To help us, I looked to the research of David Belk, MD. Dr. Belk, who is concerned with, and voraciously researches the insanity of healthcare costs, publishes a website called True Cost of Healthcare. His research shows that brand name drug prices increased by 13 times the rate of inflation over the past two and a half years. These are medications for which there is no available generic in the U.S. He looked at 335 drugs, their wholesale prices and tracked their increases from the October 2012 to the beginning of 2015. Only one drug, Norvir, actually came down in price. Dr. Belk writes: “All other brand name prescription drugs on my list went up a minimum of 9% and an average of just over 40% in price in only 2 1/2 years.”
While these brand drugs aren’t $1,000 per pill like Sovaldi, many Americans really can’t afford them. Below are two examples of brand name drugs that if purchased outside the U.S., would potentially save an American $4,000 a year and/or prevent that American from going without a prescribed, essential medicine for Diabetes or Asthma.
Januvia 100mg (siptagliptin), a drug that treats type-2 diabetes could cost you $1,149 for a three month supply at a local U.S. pharmacy. With a prescription discount coupon, you might get it for $963. If that’s too much, then brand name Januvia, marketed by MSD (a subsidiary of Merck), can be purchased online for $103.50 from an international online pharmacy– a percentage savings of 91% and a cost savings exceeding $1,000 over 3 months. Over a year, the cost savings is about $4,000.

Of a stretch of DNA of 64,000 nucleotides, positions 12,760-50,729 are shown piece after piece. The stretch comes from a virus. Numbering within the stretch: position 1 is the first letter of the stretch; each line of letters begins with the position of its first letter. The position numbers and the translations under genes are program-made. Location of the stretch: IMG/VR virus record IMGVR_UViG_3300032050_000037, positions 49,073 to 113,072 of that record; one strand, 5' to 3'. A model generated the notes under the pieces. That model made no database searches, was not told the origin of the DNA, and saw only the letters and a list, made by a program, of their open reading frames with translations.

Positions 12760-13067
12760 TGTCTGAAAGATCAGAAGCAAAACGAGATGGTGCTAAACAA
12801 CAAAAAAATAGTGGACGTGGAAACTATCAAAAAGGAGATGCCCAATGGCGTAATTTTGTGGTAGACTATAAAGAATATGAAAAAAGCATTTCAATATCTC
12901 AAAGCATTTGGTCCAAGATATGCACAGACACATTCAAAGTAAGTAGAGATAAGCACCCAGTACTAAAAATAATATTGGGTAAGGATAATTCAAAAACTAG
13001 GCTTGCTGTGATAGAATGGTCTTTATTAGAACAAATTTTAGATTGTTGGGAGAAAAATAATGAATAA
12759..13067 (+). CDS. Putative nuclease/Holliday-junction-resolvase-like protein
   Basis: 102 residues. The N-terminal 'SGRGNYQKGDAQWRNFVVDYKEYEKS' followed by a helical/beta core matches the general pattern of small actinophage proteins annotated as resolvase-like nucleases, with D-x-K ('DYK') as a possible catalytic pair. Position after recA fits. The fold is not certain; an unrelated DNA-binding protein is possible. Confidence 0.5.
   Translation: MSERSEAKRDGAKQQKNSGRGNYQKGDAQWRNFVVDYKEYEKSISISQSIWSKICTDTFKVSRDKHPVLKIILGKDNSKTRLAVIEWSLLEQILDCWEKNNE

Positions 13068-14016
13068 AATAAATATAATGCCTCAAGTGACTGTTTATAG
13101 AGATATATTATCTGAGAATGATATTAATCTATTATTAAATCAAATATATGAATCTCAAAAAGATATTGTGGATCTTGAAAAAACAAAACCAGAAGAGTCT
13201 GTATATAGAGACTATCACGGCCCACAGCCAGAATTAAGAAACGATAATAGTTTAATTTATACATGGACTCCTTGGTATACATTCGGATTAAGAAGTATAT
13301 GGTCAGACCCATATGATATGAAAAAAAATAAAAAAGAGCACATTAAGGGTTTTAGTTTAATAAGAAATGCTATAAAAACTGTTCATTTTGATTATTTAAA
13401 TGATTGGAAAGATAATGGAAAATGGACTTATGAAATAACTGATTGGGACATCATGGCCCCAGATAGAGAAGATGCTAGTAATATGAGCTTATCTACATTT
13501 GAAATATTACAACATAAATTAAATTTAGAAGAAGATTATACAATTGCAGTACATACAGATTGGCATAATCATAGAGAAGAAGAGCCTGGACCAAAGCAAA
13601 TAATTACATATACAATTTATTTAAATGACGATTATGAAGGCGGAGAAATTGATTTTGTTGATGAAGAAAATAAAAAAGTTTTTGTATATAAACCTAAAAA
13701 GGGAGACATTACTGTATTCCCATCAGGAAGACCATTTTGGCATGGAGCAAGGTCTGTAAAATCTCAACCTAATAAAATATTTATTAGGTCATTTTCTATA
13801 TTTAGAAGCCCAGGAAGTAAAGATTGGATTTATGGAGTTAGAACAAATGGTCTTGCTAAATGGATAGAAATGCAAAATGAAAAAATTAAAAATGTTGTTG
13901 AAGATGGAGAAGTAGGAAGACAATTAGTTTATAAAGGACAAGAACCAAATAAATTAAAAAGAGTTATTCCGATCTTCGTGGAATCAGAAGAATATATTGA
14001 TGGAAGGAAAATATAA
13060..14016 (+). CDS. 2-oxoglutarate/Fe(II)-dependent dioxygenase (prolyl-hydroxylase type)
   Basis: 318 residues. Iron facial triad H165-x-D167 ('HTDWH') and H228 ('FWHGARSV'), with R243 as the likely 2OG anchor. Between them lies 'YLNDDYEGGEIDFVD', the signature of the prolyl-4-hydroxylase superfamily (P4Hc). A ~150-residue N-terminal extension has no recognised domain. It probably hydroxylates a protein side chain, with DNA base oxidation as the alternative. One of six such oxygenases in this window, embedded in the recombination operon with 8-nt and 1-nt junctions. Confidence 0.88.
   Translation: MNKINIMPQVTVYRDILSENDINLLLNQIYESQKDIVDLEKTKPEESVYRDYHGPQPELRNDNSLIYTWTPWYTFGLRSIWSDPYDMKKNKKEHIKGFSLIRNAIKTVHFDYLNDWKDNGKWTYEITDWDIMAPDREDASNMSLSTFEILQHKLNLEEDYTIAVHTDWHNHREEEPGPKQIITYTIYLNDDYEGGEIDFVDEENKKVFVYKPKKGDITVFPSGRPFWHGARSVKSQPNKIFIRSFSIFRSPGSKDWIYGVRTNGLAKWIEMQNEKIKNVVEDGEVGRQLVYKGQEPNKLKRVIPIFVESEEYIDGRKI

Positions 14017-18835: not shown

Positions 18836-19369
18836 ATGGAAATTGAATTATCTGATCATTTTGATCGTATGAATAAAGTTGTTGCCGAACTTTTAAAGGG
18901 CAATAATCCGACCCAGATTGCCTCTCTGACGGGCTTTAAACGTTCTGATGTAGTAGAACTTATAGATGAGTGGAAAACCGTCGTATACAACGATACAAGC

Another example is Advair Diskus (fluticasone propionate/salmeterol), a popular asthma medication that is out of reach for many Americans due to cost. A three month supply of the 250/50mcg inhaler can run you $1,050 in a local U.S. pharmacy. With a discount card the price might be reduced to $874. At a verified international online pharmacy, the drug called Seretide Accuhaler, the name brand used by GlaxoSmithKline to market fluticasone propionate/salmeterol in several countries, is only $105: another three-month savings of $1,000 and annual savings of $4,000.
This summer at PharmacyChecker.com we’re going to keep the heat on the pharmaceutical industry with lots of examples of the crazy costs of normal brand name drugs in the U.S., and cooling things down for consumers with lots of savings you can find online.
Tagged with: Advair Diskus, Cancer medication, Dr. David Belk, generic drug prices, Januvia, Merck, Seretide Accuhaler, Sovaldi, speciality medications